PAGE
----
Turkey’s critical data privacy law is Law No. 6698 on the Protection of Personal Data (the Data Protection Law). The Data Protection Law establishes the KVKK and the Data Protection Board (‘the Board’) to oversee its provisions for protecting personal data. The Board is the decision-making body of the Data Protection Authority, and the KVKK is the administrative body mainly responsible for keeping a registry of data controllers. The Data Protection Law took effect on Apr. 7, 2016, and is expecting some amendments soon.
Compared to other jurisdictions, the Data Protection Authority has taken an incredibly active role in ensuring the accountability of organizations to protect the privacy and security of personal data in the face of growing cybersecurity threats. The Authority has released numerous guidelines since its establishment and will increase its investigations for compliance in the future. Recent amendments and increased government oversight require organizations to be undoubtedly compliant.
Here are the highlights of data protection in Turkey:
The DPL applies to organizations collecting personal data from individuals in Turkey, regardless of whether the company is within the jurisdiction.
Organizations cannot process personal data without the explicit consent of the data subject unless certain limited cases apply. The data subject also has the right to withdraw consent and cease or restrict the processing of their personal data.
Data that reveals a natural person’s race, ethnic origin, political opinion, philosophical belief, religion, sect or other belief, clothing, membership to associations, health, sexual life, convictions and security measures, and the biometric and genetic is classified as sensitive data. Sensitive data—excluding health and sexual data, which is further restricted—cannot be processed unless given explicit consent or required by law. The proposed recent amendment realigns health and sexual data with other forms of sensitive data.
The Law protects the rights of individuals to access their personal data and related information and to request the correction and erasure of their personal data.
The Authority expects data controllers to implement appropriate technical, physical, and organizational safeguards. Encryption and anonymization are considered appropriate safeguards for data.
Unless exempted by the Board, organizations must establish their own procedures for the periodic storage and destruction of data. Data controllers must destroy personal data in the first period following completion of the legal bases for processing.
Data controllers must register with the Registry (VERBIS) and appoint a contact person for management and communication with the Authority before processing personal data. They also must notify the Authority and affected individuals of security breaches.
Turkish banks, public companies and institutions, and payment and electronic money institutions are required to maintain their primary and secondary data systems in Turkey. Social network providers must also retain the data of Turkish users in Turkey.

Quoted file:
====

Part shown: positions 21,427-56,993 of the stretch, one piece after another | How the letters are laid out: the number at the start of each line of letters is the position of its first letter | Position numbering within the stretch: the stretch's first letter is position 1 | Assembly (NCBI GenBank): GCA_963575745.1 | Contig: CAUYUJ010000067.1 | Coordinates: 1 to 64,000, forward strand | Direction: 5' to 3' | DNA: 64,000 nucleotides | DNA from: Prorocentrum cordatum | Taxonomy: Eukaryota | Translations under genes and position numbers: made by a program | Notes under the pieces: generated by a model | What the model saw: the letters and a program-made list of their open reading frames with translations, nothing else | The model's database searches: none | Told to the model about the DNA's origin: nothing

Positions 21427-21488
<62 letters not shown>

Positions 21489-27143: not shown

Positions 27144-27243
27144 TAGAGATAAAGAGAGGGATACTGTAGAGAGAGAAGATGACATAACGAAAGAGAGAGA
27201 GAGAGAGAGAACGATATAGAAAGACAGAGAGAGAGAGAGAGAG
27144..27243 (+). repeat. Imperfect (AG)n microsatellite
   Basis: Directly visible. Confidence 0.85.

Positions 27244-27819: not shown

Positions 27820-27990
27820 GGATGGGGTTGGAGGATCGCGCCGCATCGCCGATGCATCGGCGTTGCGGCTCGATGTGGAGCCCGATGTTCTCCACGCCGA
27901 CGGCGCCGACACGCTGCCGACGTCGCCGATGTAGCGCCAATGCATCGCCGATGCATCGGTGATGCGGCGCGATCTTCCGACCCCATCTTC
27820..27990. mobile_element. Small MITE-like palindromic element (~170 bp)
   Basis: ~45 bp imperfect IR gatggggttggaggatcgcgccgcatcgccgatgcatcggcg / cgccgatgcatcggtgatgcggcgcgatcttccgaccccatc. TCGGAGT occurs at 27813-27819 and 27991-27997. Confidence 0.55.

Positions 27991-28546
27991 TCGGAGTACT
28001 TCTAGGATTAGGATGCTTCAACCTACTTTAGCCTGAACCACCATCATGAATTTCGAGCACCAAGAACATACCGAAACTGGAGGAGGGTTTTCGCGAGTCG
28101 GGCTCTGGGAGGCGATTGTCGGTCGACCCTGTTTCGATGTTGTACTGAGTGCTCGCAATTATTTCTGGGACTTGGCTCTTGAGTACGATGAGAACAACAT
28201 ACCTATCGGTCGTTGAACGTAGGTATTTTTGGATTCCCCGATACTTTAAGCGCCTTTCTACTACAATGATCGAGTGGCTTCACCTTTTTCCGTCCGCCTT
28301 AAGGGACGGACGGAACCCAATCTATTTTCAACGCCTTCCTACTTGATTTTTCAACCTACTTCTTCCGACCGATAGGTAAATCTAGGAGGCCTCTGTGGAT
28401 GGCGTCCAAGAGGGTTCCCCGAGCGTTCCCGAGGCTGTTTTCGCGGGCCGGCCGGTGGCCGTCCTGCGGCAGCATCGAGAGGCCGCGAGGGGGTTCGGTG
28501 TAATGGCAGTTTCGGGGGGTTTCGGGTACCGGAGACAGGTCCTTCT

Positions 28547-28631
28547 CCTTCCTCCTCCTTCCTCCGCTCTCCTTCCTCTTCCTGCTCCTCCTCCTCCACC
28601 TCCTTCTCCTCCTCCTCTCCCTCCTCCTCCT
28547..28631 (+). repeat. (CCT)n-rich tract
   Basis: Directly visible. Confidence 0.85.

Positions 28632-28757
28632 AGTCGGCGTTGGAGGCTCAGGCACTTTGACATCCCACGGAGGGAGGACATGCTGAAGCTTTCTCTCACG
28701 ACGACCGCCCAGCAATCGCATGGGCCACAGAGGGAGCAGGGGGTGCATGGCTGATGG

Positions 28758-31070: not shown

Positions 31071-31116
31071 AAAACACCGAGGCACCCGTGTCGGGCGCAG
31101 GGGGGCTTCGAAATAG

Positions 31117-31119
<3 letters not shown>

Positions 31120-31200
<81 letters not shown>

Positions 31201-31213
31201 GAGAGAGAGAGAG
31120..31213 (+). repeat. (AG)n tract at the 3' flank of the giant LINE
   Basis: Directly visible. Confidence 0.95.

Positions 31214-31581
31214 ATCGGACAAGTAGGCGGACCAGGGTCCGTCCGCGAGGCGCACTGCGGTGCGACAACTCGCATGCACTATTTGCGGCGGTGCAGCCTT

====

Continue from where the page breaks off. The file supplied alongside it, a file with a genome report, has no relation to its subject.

Organizations can only transfer data outside Turkey if they obtain explicit consent (or another legal basis for processing) and there is an adequate level of protection in the foreign country, a standard contractual clause between the controller and transferee, or binding corporate rules approved by the Board. The Board considers the nature of data, the reciprocity of data transfer between jurisdictions, the purpose of processing, legislation in the recipient jurisdiction, and international treaties between the recipient jurisdiction and Turkey when approving transfers. However, to date, the Board has not announced the approved jurisdictions that provide an adequate level of protection for data transfer. The proposed amendment seeks to allow transfers simply upon issuance of an adequacy decision by the Board.
The restrictive consent framework, localization requirements for primary and secondary data systems, and lack of a safe country list are incredibly problematic for companies. Companies are ultimately compelled to settle their infrastructure within Turkey. Unfortunately, global cloud providers do not have established zones within Turkey. Companies are also waiting to see whether the Turkish parliament introduces and passes the proposed amendments, as they will significantly impact the landscape and opportunities in Turkey for data-driven activities. As for personal data retention and deletion, companies should settle the infrastructure for retaining personal data that has finished processing. CIOs should also establish and select the appropriate procedures for destroying or erasing said data. Finally, organizations should note the types of data they are collecting and seek to utilize various technical safeguards like encryption throughout the data flow to protect personal data. Turkey’s regulations present challenges for organizations to conduct their data-driven operations.